By Bill Clegg
The custodian of the Meeting House has still not shown up to unlock the doors. I’ve left messages everywhere and still no one is picking up. The meeting begins in half an hour, and as my future prospects seem less and less appealing, I start to think again of going to Mark’s. It’s the end of the day, Mark is no doubt ready to get high, and the dealers are about to turn their cell phones on. Fuck it, I say and start walking down 16th Street, toward Sixth Avenue, toward Mark’s. I can feel the adrenaline spark through my veins and the doomy clouds of my futureless future begin to streak away. Just as I approach Sixth Avenue, I see someone on the north side of 16th Street waving. It’s Asa. Neat as a pin, fit as a fiddle, and heading right toward me. “You going to the meeting?” he chirps, and I can’t muster an answer. He looks especially crisp today in his usual uniform. “What’s going on?” he asks, and as I struggle to come up with something to say to get away from him, he puts his freckled hand on my upper arm and says, “OK, let’s go.”
By the time we get to the Meeting House, the door has been unlocked and someone is making coffee. The dusty schoolhouse smell mingled with the aroma of cheap, freshly brewed coffee acts as an antidote to the giddy, pre-high adrenaline of just minutes before. The obsession to use fades just as quickly as it had arrived, and while I watch Asa help the old guy who’s setting up the meeting move a bench to the far wall, it hits me how close I just came to relapsing and what a miracle it is that he materialized precisely when he did. Jesus, I’m sick, I think. Unlike the people who can get sober on willpower, I need cheap coffee, church basements, serendipitous sidewalk interventions, and relapsing cokehead dog walkers. But what is most discouraging is that all these things and more -- Jack, Polly, Madge, Asa, The Library, my family, my remaining friends, the staggering losses and humiliations of the past few months, the empire of people I’ve hurt -- are still not enough to keep me clean.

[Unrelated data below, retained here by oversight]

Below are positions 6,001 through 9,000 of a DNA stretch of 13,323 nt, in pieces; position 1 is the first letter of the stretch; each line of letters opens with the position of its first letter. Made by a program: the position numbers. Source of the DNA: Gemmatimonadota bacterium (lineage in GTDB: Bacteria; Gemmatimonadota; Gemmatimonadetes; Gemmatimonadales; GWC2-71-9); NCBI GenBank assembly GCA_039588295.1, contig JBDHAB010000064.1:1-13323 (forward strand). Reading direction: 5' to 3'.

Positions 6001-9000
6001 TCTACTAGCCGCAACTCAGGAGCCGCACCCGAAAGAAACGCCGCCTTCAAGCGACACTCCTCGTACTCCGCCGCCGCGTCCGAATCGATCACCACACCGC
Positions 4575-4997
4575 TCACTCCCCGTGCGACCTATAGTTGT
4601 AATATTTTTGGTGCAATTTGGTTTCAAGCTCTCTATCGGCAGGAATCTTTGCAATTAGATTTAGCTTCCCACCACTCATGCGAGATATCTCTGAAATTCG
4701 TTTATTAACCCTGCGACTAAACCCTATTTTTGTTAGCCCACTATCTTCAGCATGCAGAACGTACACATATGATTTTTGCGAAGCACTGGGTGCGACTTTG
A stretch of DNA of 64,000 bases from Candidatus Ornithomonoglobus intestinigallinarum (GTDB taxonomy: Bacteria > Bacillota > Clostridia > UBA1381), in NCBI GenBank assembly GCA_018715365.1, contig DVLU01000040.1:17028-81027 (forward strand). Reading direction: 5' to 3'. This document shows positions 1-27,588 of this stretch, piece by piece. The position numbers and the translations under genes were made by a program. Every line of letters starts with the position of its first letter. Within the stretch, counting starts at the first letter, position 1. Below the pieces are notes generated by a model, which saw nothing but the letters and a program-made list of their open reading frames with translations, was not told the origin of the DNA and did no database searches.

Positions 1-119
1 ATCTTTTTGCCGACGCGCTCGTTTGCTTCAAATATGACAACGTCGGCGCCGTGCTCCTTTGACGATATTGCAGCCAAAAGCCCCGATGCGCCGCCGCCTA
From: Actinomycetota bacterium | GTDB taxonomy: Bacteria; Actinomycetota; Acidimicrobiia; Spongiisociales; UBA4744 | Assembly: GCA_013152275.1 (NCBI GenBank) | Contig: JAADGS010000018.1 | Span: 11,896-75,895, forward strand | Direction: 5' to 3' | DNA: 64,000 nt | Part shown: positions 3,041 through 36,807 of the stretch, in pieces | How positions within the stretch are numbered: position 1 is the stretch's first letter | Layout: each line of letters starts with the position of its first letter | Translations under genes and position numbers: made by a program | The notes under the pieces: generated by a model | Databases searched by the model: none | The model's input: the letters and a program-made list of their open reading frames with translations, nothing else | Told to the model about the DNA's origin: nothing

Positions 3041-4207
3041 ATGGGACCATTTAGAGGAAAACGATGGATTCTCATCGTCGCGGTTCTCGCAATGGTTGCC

People come in from their day, mostly nine-to-five types who can’t make the midday meetings like the ones at The Library. They start filling the chairs and benches of the large room, which doubles, depending on the hour, as a Quaker meeting house, a dance studio, and a gathering space for other programs of recovery. Chic, chatty, confident -- these people seem a world away from the struggles that must have brought them here. How the hell did they do it? I wonder. If Asa hadn’t hauled me in from the street, I’d be right now pressing the buzzer at Mark’s apartment. Right now waiting for him to buzz me in and hand me a crack pipe. It was Asa and nothing else that kept me from using just minutes ago.
I look around from sober face to sober face and wonder again how these people found their way. How will I? I sense that just being here, and in places like it, will not be enough. I’m in the room but not of it. Present but not a part of. Saved, for a little while, but not sober. Not really. I come like a beggar to these meetings and I’m fed, yes, pulled in off the street even, as I was today. But it’s clear that something beyond my own need and ability to ask for help will keep me here, involve me in what is going on, connect me to something greater than my addiction, and give me a fighting chance of staying clean and getting on with my life. But what?
The meeting begins. As the basket is passed and people toss in their bills, I raise my hand and say that I have eight days, and as I do, I know that eventually, not today and probably not tonight, but at some point soon, I will pick up. I don’t know what I’ll do with my life, if I’ll ever have a full-time job again, another love, where I’ll live, or even if I will, but I will use again, this much I know.
Excerpted from Ninety Days ($24.99, Little, Brown and Company), which comes out April 10.